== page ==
What is Leptin?

Leptin is essentially a hormone produced in fat cells, which circulates in the bloodstream and tells the brain has adequate fat reserves to use as energy. It is commonly referred to as the "starvation hormone". When we are dieting, our Leptin levels can fall and signal to the body that is "starving" - prompting us to eat more. 

When our Leptin levels are balanced, our appetite can also become balanced. A deficiency or outside of range results can also indicate one of the reasons for weight gain. 

How are Leptin levels controlled?

Your white adipose tissue (body fat) makes and releases leptin. White adipose tissue is the main type of fat in your body. It is located beneath your skin, around internal organs, and in the middle cavity of your bones. White adipose tissue serves as cushioning for various parts of your body.

The amount of leptin in your blood is directly proportional to the amount of adipose tissue your body has. The less body fat you have, the less leptin you have - the more body fat you have, the more leptin you will have.

Fat mass increases = Leptin level increases
Fat mass decreases = Leptin level decreases

What test measures leptin levels? 

A blood test can check the amount of leptin in a blood sample taken from a vein in your arm.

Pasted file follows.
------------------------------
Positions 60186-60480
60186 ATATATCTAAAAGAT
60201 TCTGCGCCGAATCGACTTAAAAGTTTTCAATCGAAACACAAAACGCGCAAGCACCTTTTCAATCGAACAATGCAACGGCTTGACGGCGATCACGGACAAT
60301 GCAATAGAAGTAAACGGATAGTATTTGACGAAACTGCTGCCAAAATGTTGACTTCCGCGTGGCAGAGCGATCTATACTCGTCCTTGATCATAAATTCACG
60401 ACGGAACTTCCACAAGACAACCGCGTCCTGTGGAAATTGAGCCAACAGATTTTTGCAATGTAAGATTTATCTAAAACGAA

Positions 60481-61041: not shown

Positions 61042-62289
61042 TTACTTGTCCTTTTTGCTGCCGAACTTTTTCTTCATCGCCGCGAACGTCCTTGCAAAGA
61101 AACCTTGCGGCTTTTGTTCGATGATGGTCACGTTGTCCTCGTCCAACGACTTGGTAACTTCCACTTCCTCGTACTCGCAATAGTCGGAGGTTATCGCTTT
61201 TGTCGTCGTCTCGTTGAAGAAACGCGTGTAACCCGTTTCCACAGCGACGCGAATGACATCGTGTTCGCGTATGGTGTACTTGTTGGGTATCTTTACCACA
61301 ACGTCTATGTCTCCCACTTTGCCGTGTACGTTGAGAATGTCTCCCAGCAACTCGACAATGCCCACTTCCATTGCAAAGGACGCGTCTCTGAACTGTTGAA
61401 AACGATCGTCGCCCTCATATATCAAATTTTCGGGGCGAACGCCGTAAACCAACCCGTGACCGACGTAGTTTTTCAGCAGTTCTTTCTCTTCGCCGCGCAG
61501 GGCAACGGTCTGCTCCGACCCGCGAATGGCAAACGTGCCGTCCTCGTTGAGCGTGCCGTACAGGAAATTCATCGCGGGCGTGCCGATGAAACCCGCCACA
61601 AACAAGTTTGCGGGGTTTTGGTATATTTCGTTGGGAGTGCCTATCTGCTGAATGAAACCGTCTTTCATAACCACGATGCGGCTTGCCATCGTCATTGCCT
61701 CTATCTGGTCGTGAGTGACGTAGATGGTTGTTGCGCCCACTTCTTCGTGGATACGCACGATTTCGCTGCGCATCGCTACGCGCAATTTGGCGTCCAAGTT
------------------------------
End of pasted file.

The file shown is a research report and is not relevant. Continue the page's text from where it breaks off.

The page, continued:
Healthcare providers don't routinely test for leptin levels, and the test isn't offered by all laboratories. Providers typically only consider ordering leptin tests if someone has obesity and has persistent hunger, or if a young child has class III obesity.  

What are normal leptin levels?

Normal value ranges for leptin levels may vary slightly among different laboratories. In general, normal ranges for leptin levels include:

  • Adults assigned female at birth: 0.5 - 15.2 nanograms per milliliter (ng/mL)
  • Adults assigned male at birth: 0.5 - 12.5 ng/mL

What happens when leptin levels are too high?

Since the amount of leptin in your blood is directly proportional to the amount of adipose tissue (body fat), having obesity results in high levels of leptin (hyperleptinemia). This can cause a lack of sensitivity to leptin, a condition known as leptin resistance. 

Other conditions associated with hyperleptinemia include:

  • Nonalcoholic fatty liver disease
  • Rabson-Mendenhall syndrome
  • Neurodegenerative disorders
  • Depression
  • Food addiction

What is leptin resistance?

If you have leptin resistance, your brain doesn't respond as it normally would to leptin. Since it is constantly stimulated by leptin, you don't get the sensation of feeling full or satiated. This causes you to eat more even though your body has enough fat stored. 

The seeming lack of leptin in leptin resistance also causes your body to enter starvation mode. In an effort to save energy your brain decreased your energy levels and makes you use fewer calories at rest. 

Leptin resistance further contributes to obesity and causes additional weight gain in the form of fat storage due to stimulating hunger and decreasing metabolism.